Another Tesla has crashed – and burned.
Two Florida teens lost their lives on May 9 when the Model S they were traveling in erupted into flames after striking a concrete barrier. As in previous incidents – at least three others – a large portion of the car was quickly and almost completely consumed before the fire was put out.
It was the lithium-ion battery pack that caught fire.
This happens when the physical structure of the battery pack is compromised and the materials within come into uncontrolled contact. Just the same as exposing gasoline to an ignition source. It can happen as the result of a design defect, or an impact such as an accident.
What’s not the same is the way electric car battery packs are shaped – and where they’re installed in the car.
Which is everywhere.
Like most electric cars, the Tesla’s battery pack runs the length and width of the floorpan. This is necessary because electric car battery packs are very big – and very heavy. Spreading them out flat and wide puts all that weight lower to the ground and leaves room inside the car for passengers and cargo.
But the downside is that you’ve got a car that’s vulnerable to an impact-caused battery fire no matter where it’s hit. The infamously exploding Pintos of the ’70s caught fire when hit from behind. Because that’s where the gas tank – the weak point – was.
In an electric car like the Tesla, the “gas tank” is everywhere.
The danger can be reduced by designing the car to withstand impact forces which could damage the physical structure of the battery pack and trigger thermal runaway – the term for a lithium-ion battery fire. But it’s trickier, because a battery fire can be triggered by lesser things, including vibration/jostling as well as extremely minor defects imparted during the manufacturing process.
Denting a gas tank has no effect on the gasoline within.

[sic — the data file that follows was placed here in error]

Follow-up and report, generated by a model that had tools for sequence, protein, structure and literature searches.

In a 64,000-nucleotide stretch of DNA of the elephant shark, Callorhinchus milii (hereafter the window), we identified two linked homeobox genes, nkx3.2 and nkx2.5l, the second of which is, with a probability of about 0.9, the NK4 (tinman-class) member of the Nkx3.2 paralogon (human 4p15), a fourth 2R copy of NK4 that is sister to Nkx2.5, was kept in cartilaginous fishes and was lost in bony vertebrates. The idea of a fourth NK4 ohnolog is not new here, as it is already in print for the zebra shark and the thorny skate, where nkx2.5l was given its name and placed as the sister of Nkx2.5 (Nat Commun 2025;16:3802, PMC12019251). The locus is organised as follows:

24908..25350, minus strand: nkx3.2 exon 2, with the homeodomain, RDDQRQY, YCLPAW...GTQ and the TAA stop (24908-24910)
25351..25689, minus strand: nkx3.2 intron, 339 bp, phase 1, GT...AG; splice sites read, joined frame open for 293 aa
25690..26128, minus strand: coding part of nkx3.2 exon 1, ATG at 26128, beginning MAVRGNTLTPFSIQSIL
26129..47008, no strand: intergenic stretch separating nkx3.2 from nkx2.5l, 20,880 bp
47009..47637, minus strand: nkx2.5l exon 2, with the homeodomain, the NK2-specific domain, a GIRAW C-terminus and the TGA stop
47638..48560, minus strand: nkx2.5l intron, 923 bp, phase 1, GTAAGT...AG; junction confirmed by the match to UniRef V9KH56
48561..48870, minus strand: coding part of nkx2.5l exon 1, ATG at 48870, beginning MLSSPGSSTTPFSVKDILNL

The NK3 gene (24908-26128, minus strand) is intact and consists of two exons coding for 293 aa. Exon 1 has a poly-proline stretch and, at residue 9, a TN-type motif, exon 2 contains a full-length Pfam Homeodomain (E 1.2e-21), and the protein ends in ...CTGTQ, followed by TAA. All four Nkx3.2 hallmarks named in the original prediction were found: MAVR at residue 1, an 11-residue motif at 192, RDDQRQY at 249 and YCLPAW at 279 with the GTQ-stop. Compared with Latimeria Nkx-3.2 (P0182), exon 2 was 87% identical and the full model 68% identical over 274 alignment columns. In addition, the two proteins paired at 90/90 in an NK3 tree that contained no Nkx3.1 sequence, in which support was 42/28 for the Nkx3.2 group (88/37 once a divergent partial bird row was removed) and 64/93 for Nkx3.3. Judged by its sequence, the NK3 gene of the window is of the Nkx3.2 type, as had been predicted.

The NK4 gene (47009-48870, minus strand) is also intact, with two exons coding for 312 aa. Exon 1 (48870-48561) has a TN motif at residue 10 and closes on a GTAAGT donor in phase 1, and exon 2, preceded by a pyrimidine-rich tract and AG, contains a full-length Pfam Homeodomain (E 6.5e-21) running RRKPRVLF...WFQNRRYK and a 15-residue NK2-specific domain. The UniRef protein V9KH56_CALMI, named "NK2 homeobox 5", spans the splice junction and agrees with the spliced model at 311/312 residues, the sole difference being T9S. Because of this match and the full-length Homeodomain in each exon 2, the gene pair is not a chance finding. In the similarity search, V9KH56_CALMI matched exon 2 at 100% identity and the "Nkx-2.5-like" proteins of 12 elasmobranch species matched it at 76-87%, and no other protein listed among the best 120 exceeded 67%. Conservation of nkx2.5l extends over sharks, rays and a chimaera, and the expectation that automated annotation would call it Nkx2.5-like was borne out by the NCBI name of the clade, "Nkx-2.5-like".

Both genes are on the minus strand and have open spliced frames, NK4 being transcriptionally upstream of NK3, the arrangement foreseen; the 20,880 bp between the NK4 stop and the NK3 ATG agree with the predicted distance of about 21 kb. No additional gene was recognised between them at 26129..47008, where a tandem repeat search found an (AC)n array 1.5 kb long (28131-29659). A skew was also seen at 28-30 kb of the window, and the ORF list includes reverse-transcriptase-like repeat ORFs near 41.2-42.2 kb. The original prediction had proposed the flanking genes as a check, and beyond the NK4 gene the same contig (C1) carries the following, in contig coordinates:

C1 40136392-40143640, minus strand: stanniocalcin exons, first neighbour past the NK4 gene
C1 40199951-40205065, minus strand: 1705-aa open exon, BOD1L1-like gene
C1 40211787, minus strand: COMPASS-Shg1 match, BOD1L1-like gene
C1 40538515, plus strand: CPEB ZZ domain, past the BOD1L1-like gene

In this respect, gas tanks are inherently safer than electric car battery packs.
Also, they are safer in the sense that a gas tank is more compact and physically located in one area of the car – generally, in the rear of the car – while an EV’s battery pack is located everywhere. It’s therefore just as vulnerable to fire if hit from the front as behind – or from the side.
Passengers are more vulnerable as well because no matter where they are in the car, they are always close to the battery pack.
Once the fire starts, it will quickly spread the length of the car because the battery is everywhere there is car.
Or the other saaaaaaaaaaaaaaaaaaaaaaaaaafety threat, which exists even when an electric is parked.
As when “fast” charging.
This imparts heat, which isn’t safe because it can lead to a fire – which is why “fast” charging is never full charging. Read the proverbial fine print. Most – if not all – lithium-ion EVs can only be “fast” charged to 80 percent capacity. Put another way, you have to give up 20 percent of the EV battery’s potential charge – and thus, the car’s range – to saaaaaaaaaafely use of the “fast” charger.
Imagine the keening, funereal wail that would erupt if a car company sold a vehicle which could only accept 80 percent of a full tank unless you added the fuel very slowly, over the course of several hours… else risk a fire.
Nickel-cadmium batteries can be fully “fast” charged but they don’t deliver the performance/range that lithium-ion batteries do.
Another catch is that lithium-ion batteries can’t be recharged at all in sub-freezing temperatures. It needs to be at least 32 degrees F for the chemistry to work.
Read here for more.
It’s interesting that this fact also isn’t being discussed much by the acolytes of the electric car given that roughly two-thirds of the country experiences winter. There is a reason why electric cars tend to be found in parts of the country that stay warm all year long, such as California and Florida.
Meanwhile, two more bodies at the morgue.
There will be more, if these lithium-ion-powered EVs are ever produced in the numbers desired by the Fanbois and egged-on by a complaisant press indifferent to the saaaaaaaaaaaaaafety problems which afflict these things – and which in any other circumstance would trigger 60 Minutes-style investigatory jihads.
Remember what they did to Ford over the fire-prone Pinto? And Audi – over cars that did not “unintentionally accelerate”? (The company was nearly bankrupted over false accusations made by incompetent drivers who mistook the accelerator pedal for the brake pedal.)
Several VW executives and engineers are being criminally prosecuted for harming no one, but “cheating” on government tests. The bastards!
Meanwhile, Teslas are killing people.
Not because of a design defect.
But because of the way they’re designed.
. . .
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